Past Present and Future Navajo Nation Legislative Process
How we got here • Relations Between Executive and Legislative Branches • Initiative Story • Stipulations • Question Approved • The 88 became 24
Guiding the Change • Shirley v. Morgan SC-CV-02-10 citing In Re Two Initiative Petitions Filed By Joe Shirley SC-CY-41-08 • When the existing Code was adopted a promise was made to Navajo People that the final form of government shall be decided by the Navajo People….only the Navajo People can determine the structure of their government. • The Council may not independently change Title II in that regard but must defer to the People.
Impact • So no structural change for this Council…it is to reorganize its existing powers of the legislative branch…no expansion or delegation
Guide Two • Nelson v. Initiative Committee No. SC-CU-03-10 p.22 • The 22 nd Council shall prioritize, develop and approve the reorganization plans as an initial order of business….
First Regular Session • First Regular Session meets • and works long into the final statutorily mandated final day of the session—Friday, without a resolution for reorganizing. • The Council is facing going forward with no committee structure and business to be done…
First Regular Session • Literally the 11th hour a draft of the Committee of the Whole concept that we had discussed at the beginning to the week was introduced. • Committee of the Whole
Spring Regular Session • Next regular session comes in April…. • takes most of that entire session to hammer out an agreed upon change based on discussions and work sessions held in the intervening months.. • Product is CAP-10-11
What was combined • to understand the full scope of work the Delegates are now responsible for: • Public Safety/Judiciary = Law and Order • Res/Eco Dev/TCDC = Resources and Development • Health/Social Services/Education = Health Education and Human Services • Budget and Finance remains • Ethics and Rules, Gov’t Services/ IGR = NaabikityatiCommittee • in addition to infusing traditional concepts into legislative process
Is it working? Are the 24 doing as much as the 88 • What’s your measure? • Going by Requests for legislation : • the 88 over four years requested 1043 • the 24 over three years requested 850
Legislative workload • Where 10 committees handled over 1000 proposed bills • And no member served on more than one committee • Now five committees handle 850 and members serve on one committee but de facto 3 or 4 previous committee subject matters
Legislative process • The Naa’bik’iyati Committee was established to introduce Navajo traditional decision making methods into the legislative process. The concept of meeting together to talk things through in an exploratory resolving manner was introduced to apply to all issues the Council felt warranted such a deliberative approach. • The Naa’bik’iyati Committee is made up of the entire Council and in the beginning there was often confusion as to which body was functioning. In addition it is charged with recommending the agenda for all Council sessions; so all legislation on its way to Council must be heard at Naa’bik’iyati Committee. • Its membership size made obtaining a quorom and maintaining it difficult.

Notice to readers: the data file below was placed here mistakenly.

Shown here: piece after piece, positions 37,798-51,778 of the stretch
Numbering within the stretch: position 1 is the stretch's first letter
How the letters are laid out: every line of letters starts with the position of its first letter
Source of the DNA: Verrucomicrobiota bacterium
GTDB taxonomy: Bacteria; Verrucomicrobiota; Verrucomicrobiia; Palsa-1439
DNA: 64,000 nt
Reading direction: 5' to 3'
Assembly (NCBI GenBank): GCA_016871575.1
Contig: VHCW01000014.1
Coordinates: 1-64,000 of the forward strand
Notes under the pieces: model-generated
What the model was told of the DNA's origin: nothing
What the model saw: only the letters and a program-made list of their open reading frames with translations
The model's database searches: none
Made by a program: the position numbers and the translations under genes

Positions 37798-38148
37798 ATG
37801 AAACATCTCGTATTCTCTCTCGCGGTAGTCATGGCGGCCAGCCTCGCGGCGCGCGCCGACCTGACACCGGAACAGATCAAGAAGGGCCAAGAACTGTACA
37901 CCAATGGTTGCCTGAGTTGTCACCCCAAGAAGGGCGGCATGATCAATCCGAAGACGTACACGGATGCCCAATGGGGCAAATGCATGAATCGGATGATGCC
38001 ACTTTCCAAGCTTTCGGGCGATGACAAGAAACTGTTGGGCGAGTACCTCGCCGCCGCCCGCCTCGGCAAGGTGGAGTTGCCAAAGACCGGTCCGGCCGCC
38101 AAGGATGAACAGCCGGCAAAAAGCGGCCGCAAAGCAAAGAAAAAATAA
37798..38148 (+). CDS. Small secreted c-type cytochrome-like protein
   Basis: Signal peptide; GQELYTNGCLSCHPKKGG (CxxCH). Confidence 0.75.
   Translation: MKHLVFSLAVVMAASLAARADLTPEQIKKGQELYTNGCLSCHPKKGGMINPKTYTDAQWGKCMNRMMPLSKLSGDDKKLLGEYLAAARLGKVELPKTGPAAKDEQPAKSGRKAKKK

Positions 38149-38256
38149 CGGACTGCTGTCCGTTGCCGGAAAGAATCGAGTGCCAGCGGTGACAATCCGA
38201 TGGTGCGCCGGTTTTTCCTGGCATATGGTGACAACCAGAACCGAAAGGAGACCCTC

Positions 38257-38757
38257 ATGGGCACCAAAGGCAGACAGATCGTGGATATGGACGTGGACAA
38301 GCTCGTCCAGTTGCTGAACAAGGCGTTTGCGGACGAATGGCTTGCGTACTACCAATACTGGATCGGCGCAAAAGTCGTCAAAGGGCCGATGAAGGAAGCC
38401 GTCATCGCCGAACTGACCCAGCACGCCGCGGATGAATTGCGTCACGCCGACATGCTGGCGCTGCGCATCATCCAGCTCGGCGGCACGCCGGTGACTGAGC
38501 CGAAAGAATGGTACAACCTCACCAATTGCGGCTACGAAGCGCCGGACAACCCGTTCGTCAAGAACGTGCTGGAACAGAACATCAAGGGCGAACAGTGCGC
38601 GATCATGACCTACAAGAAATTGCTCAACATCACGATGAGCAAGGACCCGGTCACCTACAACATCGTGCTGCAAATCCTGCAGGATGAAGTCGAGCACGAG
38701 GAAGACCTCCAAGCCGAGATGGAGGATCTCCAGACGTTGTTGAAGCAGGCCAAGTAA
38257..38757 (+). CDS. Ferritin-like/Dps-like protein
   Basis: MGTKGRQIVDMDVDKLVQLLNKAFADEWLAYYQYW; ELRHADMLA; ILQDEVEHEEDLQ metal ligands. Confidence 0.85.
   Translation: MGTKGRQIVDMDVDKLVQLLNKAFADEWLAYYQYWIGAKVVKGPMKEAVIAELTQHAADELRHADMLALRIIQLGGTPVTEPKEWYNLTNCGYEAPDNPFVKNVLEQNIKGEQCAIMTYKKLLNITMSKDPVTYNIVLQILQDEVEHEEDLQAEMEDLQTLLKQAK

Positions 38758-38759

Legislative Process • The agenda setting function could be assigned to another committee, to the Speaker’s Office thereby relieving the Delegate’s as a body of dealing twice with every bill. • Quorum, making it and holding it was problematic; this could be remedied by having membership composed of all Committee Chairs and Vice Chairs and Speaker as Chair of the Committee.
Legislative process • The addition of public notice, originally five days now four, adds time to the legislative process in an effort to make public input a viable part of law making. • The end of the wait period doesn’t always coincide with the next committee meeting date. • In essence a trade off with favor to public notice and input.
Frozen in time • Delegate’s receive a salary that was set in 1989 at $25,000 p/yr. • Political “hot potato” to get increased. There is an elaborate meeting compensation matrix developed to provide additional revenue’s to the Delegates. • A straightforward salary that is commensurate with the responsibilities of the office and a clear open system of reimbursement of related expenses is an essential step in maintaining the integrity of the institution
Constituent services workload • Where 110 Chapters were represented by 88 Delegates , Chapters becoming used to having a Delegate at their immediate call and attending all meetings at the Chapter level….. • Now 24 Delegates represent the same number. With some Delegates representing 7 Chapters
An outcome • Experienced conscientious delegates will have burn-out from the geographically overextended responsibilities of the office and/or inability to deal with expense of the job…compounded by the stresses of political competition….
Future considerations • Increase the Council to 48
Future considerations • Establish a 48 member Navajo Nation Council drawn on same districting lines and require election of two delegates from each District and law one shall be male and one female • 24 Women • And • 24 Men